(GXR M-mount with Voigtländer Nokton 35mm F1.2 ASPH II)
You may stand in the street and shoot pictures, and come across people who you will probably not see again in the rest of your life. Here they are captured in the images. You look at the images and wonder how unimportant their lives are to you, just in the same way as yours to them. But with the same camera, you can do something that connects to them or strangers who you will come across, and leave a mark on their lives. There are many ways to achieve this: to tell stories of the underprivileged in images; to meet photographers with your cameras; to help out as a volunteer photographer; to give your old cameras to the opportunity shops; to organise free photography classes for the poor and get sponsors to supply free cameras. You can combine the chances to make them meaningful, rather than letting the chances pass in your life.
If you are a Hong Kong or Macau citizen and have the talent and luck, you can get a GXR with A12 28mm module for free. Or be the first or second runner-up and be disappointed with the Ricoh PX camera prize. Laikok is holding the forth Ricoh photo contest Hong Kong on the theme of Cheerful. The contest closes at the end of December, and is open to Hong Kong and Macau residents only.
(GXR M-mount with Voigtländer Nokton 35mm F1.2 ASPH II)The saddening scene of the old woman caught the author’s attention to stop and take some shots. The considerations for taking this shot: 1) no flash because it would make a scene to attract people looking into the lens; 2) a shutter speed just enough to freeze the action with a slightly blurred effect; 3) a foreground should be included to give the image a spatial feel and better isolate the homeless woman.So 1) the flash was off; 2) in the case of fast-paced Hongkongers, the shutter speed was dragged to 1/25s; 3) moved back to allow passers-by walk into the scene between the camera and the homeless lady.If you're interested, GXG has an old post about doing flash photography tricks.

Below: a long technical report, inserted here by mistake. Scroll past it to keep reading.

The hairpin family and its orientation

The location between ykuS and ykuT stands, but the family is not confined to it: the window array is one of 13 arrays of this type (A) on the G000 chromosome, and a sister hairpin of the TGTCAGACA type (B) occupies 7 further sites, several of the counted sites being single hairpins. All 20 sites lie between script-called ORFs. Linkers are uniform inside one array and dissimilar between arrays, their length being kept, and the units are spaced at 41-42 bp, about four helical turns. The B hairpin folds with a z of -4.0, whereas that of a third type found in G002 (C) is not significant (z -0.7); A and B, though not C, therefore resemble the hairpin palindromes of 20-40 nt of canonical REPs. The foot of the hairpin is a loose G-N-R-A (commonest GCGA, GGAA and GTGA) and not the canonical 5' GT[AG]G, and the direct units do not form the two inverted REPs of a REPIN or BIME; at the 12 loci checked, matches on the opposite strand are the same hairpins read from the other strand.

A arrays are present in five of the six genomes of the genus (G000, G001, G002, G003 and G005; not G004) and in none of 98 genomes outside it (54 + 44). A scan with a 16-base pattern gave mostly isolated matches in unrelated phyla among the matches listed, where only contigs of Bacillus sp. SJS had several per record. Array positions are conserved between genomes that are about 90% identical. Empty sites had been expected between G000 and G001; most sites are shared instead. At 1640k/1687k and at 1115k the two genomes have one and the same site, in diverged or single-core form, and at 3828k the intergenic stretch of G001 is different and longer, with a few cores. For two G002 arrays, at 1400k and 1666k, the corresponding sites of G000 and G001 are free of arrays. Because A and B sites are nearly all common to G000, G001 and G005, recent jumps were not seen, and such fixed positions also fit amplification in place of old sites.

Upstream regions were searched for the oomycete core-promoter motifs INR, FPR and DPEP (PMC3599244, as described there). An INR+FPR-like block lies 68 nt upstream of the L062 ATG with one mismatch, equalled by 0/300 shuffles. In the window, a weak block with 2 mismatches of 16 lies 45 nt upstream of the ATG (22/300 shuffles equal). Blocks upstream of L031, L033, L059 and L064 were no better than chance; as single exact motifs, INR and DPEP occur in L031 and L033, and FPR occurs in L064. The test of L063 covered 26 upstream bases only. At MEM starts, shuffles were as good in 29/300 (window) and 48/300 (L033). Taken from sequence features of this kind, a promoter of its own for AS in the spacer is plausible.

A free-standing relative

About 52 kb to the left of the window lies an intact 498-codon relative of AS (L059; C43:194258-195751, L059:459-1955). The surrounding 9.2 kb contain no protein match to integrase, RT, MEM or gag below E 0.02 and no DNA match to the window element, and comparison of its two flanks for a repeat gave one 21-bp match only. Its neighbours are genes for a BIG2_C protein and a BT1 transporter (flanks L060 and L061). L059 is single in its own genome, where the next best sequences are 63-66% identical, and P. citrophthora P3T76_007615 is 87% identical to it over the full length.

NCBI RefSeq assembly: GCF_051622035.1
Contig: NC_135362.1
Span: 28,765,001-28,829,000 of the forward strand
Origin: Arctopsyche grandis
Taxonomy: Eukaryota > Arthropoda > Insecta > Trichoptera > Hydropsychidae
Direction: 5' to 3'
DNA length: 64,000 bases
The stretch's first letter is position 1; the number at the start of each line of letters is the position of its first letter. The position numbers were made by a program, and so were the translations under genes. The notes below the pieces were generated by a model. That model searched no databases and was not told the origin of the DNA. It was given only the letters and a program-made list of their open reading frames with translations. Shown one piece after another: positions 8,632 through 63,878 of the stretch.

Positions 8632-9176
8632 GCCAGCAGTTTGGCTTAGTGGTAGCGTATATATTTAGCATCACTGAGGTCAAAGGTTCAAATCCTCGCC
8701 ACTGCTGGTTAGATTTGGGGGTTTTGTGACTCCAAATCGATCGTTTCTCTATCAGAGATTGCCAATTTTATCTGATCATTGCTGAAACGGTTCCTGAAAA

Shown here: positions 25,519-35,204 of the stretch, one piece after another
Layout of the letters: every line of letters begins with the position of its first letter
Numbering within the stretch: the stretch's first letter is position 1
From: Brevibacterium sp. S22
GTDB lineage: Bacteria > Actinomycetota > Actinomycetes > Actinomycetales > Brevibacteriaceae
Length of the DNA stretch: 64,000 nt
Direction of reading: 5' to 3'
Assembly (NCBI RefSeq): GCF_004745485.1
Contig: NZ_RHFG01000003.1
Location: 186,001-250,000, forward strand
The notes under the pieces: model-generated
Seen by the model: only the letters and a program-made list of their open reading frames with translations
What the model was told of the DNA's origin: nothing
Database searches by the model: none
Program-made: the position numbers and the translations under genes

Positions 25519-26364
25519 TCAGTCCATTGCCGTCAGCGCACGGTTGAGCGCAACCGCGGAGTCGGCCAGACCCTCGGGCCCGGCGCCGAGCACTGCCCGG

For two years or so, we have seen a flux of digital cameras ostensibly modelled after the vintage design. From Oly’s MFT series to Fujifilm’s X100, a new passion for vintage-camera lookalikes has been ushered in among photography enthusiasts. This is all well and good, but precisely because we are huge fans of such digital-and-vintage hybrids, it pains us to say that these models are felt as vintage cameras in appearance more than in spirit – factors contributing to this impression include the plastic feel of some flimsy camera bodies and lenses. We have no qualms with what all these commendable cameras can proudly do. But it is arguably that the GXR M-mount module brings users the real and rare choice to experience the fun of full manual functions with top quality manual lenses, most importantly without the prohibitively expensive outlay.Recently at the Ricoh Hong Kong Meetup, users shared with great gusto their experience in using on the GXR M-mount module a dozen of manual lenses f…
The M module may better be described as a far-flung cousin to rather than an immediate member of the GXR family. When look closer, you may see that the whole point of the M module is not about a new GXR-system module – fact is, the concept of lens-sensor combination is completely forsaken here. It is more about taking advantage of the wide choice of high quality M mount lenses.
In this post, we will look at the lens on loan to us: the Voigtländer Nokton 35mm F1.2 ASPH II.
Although Leica M-mount lenses are the best choice for optical performance, they are not just everyone’s option pricewise. With a lower price tag and great optical performance, Voigtländer lenses are sensible substitutes. Hong Kong’s sole dealer of Ricoh cameras, Laikok, is also the distributor of Voigtländer lenses (manufactured by Cosina of Japan) in Hong Kong. For information about the Voigtländer lenses available from Laikok, check this out. You may also check out Cosina’s Voigtländer webpage.
(Ricoh GX200)Was she successful in her appeal? Yes, at least to whom she was looking at: a bunch of Ah Suk (Cantonese: uncles) doing fishing along the waterfront. She was such a distraction there.This is Sunday. Distract yourself from your usual work.